Drugmaker Merck has begun marketing its HPV vaccine Gardasil to boys, a move the Chicago Tribune reports is leading to some skepticism among vaccine-wary parents.
"Some parents, many of whom were surprised to learn Gardasil is now being offered to boys, said they fear that having their children vaccinated would encourage earlier sexual activity," the Tribune reports. "Many also question its cost: [about] $390 for the series of three shots." And some parents worry about the vaccine's safety, the newspaper says.
Dr. Ross says those fears are unfounded. "Parents of children in the recommended age groups — both boys and girls — should be vaccinated before they initiate sexual activity — not just intercourse, but any kind of activity that could expose them to potentially communicable diseases. The downside to the vaccine is essentially zero."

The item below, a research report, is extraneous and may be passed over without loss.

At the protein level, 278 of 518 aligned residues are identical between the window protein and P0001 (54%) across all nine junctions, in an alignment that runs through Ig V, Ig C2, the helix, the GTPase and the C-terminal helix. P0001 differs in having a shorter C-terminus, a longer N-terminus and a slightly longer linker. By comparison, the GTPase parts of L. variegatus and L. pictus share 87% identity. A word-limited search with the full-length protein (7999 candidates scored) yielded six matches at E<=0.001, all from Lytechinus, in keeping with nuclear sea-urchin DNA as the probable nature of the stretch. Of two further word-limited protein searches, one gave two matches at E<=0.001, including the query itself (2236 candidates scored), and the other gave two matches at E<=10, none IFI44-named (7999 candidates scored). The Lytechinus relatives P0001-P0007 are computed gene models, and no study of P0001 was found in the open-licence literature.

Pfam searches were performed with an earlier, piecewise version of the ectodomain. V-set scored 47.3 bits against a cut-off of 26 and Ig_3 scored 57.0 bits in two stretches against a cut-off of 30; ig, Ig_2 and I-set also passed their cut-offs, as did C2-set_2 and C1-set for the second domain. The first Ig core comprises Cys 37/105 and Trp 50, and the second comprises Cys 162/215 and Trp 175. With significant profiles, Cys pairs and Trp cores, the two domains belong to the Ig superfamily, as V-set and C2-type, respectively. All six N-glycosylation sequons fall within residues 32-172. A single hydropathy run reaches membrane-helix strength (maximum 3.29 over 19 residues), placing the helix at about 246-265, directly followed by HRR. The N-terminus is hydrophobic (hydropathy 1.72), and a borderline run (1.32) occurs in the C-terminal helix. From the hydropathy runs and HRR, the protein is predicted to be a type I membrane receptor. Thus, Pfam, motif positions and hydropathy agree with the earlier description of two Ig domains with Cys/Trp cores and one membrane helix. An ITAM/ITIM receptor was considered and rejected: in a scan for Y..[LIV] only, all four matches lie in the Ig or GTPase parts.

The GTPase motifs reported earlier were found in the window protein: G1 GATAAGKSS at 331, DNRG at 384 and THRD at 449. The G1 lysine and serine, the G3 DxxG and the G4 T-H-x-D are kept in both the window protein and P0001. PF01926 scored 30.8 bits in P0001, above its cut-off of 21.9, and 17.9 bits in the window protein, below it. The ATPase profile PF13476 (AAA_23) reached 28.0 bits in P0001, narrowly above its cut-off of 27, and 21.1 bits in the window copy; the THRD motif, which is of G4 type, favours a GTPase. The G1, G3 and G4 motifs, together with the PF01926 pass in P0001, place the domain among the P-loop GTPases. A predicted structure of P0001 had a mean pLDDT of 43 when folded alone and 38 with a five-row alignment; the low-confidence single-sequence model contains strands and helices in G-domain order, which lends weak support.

"We know very well that giving kids protection against sexually transmitted diseases does not lead to them having sex earlier," says Dr. Whelan. "However the price of the vaccine does remain an obstacle."
Dr. Ross says it's not just girls who benefit from Gardasil. The human papillomavirus, or HPV, is associated with penile and anal genital warts, he says. There's also "substantial and accumulating evidence" linking it to oral and oropharyngeal cancer, or cancer of the mouth and throat, as well as anal and rectal cancers in both genders.